A Philadelphia jury has awarded $10 million to the family of a teenage girl who developed <"http://www.yourlawyer.com/topics/overview/stevens_johnson_syndrome">Stevens Johnson Syndrome after she took Children’s Motrin (ibuprofen). The family had originally sought at least $5 million for Brianna Mayaâ€™s injuries, which occurred when she was only 3 1/2 years old.
Stevens Johnson Syndrome is a severe sensitivity reaction that can be caused by many drugs. It presents with blistering of mucous membranes, typically in the mouth, eyes, and vagina and patchy areas of rash, that eventually peel off the skin. The condition can even spread to internal organs, and it can cause scarring and even blindness. When the disorder affects more than 30% of the body, the condition is typically referred to as toxic epidermal necrolysis (TEN). Stevens Johnson Syndrome and TEN usually require treatment in hospital burn units.
According to the Maya family lawsuit, Brianna was left blind in one eye and suffered burns over 84 percent of her body after taking Childrenâ€™s Motrin in 2000 for a cold and fever. Her family argued that a warning for Stevens Johnson Syndrome was not included on the medication’s labeling that year.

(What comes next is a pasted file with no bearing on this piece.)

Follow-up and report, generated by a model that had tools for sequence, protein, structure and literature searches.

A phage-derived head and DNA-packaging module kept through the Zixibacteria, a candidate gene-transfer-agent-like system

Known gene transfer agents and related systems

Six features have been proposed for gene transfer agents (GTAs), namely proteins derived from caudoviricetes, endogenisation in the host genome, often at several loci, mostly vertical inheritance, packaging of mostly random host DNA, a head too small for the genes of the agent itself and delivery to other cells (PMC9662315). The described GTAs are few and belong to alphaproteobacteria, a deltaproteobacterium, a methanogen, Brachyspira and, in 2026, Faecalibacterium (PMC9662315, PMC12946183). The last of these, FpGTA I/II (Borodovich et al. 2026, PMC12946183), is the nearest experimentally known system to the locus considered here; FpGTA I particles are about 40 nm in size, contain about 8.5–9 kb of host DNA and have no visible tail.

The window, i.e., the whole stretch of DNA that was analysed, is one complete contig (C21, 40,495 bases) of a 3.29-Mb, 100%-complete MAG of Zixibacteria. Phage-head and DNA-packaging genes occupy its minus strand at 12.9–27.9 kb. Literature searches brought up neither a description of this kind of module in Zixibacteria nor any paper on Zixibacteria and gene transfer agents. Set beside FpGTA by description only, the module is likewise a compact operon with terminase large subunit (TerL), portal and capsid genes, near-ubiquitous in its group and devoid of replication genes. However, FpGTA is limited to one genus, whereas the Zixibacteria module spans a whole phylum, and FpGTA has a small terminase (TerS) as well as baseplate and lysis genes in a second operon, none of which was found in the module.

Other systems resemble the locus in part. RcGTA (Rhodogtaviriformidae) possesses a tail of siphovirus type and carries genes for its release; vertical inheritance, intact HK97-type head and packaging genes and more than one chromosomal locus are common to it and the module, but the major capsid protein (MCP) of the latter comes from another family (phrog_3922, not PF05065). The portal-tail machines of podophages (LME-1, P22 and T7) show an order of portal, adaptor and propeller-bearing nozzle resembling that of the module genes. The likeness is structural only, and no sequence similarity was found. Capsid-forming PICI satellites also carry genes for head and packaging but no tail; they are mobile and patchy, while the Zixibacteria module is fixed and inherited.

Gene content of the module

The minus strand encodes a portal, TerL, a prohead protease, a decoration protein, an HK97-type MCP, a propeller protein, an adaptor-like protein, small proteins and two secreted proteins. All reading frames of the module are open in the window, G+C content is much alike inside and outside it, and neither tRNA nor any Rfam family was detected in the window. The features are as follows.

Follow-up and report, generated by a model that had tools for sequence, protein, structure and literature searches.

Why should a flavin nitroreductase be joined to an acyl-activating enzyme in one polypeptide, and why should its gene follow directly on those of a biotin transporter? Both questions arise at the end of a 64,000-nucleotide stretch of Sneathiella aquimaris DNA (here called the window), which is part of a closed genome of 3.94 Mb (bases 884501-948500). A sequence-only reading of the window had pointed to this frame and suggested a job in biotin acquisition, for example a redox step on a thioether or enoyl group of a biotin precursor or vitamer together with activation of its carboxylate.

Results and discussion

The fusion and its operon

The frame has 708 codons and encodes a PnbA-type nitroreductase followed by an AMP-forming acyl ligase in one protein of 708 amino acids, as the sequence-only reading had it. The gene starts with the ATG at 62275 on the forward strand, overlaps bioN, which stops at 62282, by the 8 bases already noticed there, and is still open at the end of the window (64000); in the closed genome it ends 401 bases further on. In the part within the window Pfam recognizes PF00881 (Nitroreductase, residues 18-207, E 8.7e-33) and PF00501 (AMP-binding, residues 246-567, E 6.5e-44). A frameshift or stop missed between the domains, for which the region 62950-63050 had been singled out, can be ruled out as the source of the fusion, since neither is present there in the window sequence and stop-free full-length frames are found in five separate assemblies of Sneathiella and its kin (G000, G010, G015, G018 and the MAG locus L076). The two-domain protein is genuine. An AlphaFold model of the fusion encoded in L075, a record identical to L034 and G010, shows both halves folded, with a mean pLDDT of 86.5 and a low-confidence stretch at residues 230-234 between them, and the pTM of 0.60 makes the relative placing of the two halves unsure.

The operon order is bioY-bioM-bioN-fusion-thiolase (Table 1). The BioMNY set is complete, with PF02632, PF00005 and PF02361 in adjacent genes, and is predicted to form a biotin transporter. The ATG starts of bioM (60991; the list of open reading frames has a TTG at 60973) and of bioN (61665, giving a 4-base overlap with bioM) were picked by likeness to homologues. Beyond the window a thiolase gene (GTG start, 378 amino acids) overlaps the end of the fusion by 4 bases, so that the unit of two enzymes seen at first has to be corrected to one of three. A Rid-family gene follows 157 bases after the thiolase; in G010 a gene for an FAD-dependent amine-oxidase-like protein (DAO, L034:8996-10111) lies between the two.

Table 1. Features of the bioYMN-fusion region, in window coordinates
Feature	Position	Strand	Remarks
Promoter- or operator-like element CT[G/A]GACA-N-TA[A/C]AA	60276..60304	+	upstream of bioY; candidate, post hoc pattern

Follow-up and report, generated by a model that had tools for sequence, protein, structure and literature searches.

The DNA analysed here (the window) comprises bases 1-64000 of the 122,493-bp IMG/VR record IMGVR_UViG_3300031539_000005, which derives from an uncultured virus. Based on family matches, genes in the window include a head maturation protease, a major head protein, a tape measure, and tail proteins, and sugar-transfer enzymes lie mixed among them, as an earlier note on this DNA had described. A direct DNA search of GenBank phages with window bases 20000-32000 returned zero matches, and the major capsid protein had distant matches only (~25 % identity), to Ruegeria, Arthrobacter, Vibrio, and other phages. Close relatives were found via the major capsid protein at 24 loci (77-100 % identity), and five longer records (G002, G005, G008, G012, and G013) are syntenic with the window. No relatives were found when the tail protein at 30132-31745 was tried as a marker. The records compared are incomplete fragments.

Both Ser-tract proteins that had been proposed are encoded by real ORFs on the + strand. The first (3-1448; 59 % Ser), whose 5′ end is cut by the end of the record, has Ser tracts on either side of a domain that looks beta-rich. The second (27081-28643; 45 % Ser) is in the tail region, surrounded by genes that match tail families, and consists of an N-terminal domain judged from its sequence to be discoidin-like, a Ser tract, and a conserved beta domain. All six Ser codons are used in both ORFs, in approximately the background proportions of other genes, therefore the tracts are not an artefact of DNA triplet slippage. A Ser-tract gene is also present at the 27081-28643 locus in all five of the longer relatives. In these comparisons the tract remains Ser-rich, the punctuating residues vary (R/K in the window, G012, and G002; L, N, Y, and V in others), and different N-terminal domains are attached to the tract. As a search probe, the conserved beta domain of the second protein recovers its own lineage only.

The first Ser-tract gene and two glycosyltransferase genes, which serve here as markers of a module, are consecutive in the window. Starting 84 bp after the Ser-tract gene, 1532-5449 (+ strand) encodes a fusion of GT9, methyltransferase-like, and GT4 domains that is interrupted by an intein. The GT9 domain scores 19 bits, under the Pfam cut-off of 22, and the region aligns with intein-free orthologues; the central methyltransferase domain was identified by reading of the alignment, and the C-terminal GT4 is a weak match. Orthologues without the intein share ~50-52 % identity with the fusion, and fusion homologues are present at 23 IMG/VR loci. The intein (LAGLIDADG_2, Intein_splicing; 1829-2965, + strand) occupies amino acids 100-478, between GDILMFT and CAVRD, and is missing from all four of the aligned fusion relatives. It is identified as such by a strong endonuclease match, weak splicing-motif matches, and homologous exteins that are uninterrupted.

According to Bloomberg News, the jury in the case deliberated for 10 hours before finding that Johnson & Johnson’s McNeil Consumer Healthcare unit “‘was negligent for not providing a proper warning about Childrenâ€™s Motrinâ€™s risks and that failure was ‘a factual cause’ of the girlâ€™s injuries.” However, the jury did not agree with plaintiffs’ claims that Motrin was defective, or that McNeil officialsâ€™ conduct warranted an award of punitive damages.
This is the third Stevens Johnson Syndrome lawsuit Johnson & Johnson and McNeil have defended in recent years. According to Bloomberg, a federal jury in Illinois awarded a woman $3.5 million in a case involving Children’s Motrin in 2010, but that award was thrown out on procedural grounds. Two years previous, a California found against the family of an 11-year-old girl in a case that sought $1 billion.
As we reported previously, Johnson & Johnson and McNeil added warnings about “severe allergic reactionsâ€ which could present with “rashes and blisters” to over-the-counter ibuprofen products, but no specific mention of Stevens Johnson Syndrome is made. Patient advocates maintain that the current drug allergy alert on labels of many over-the-counter medications like ibuprofen donâ€™t adequately warn users about the risk of Stevens Johnson Syndrome.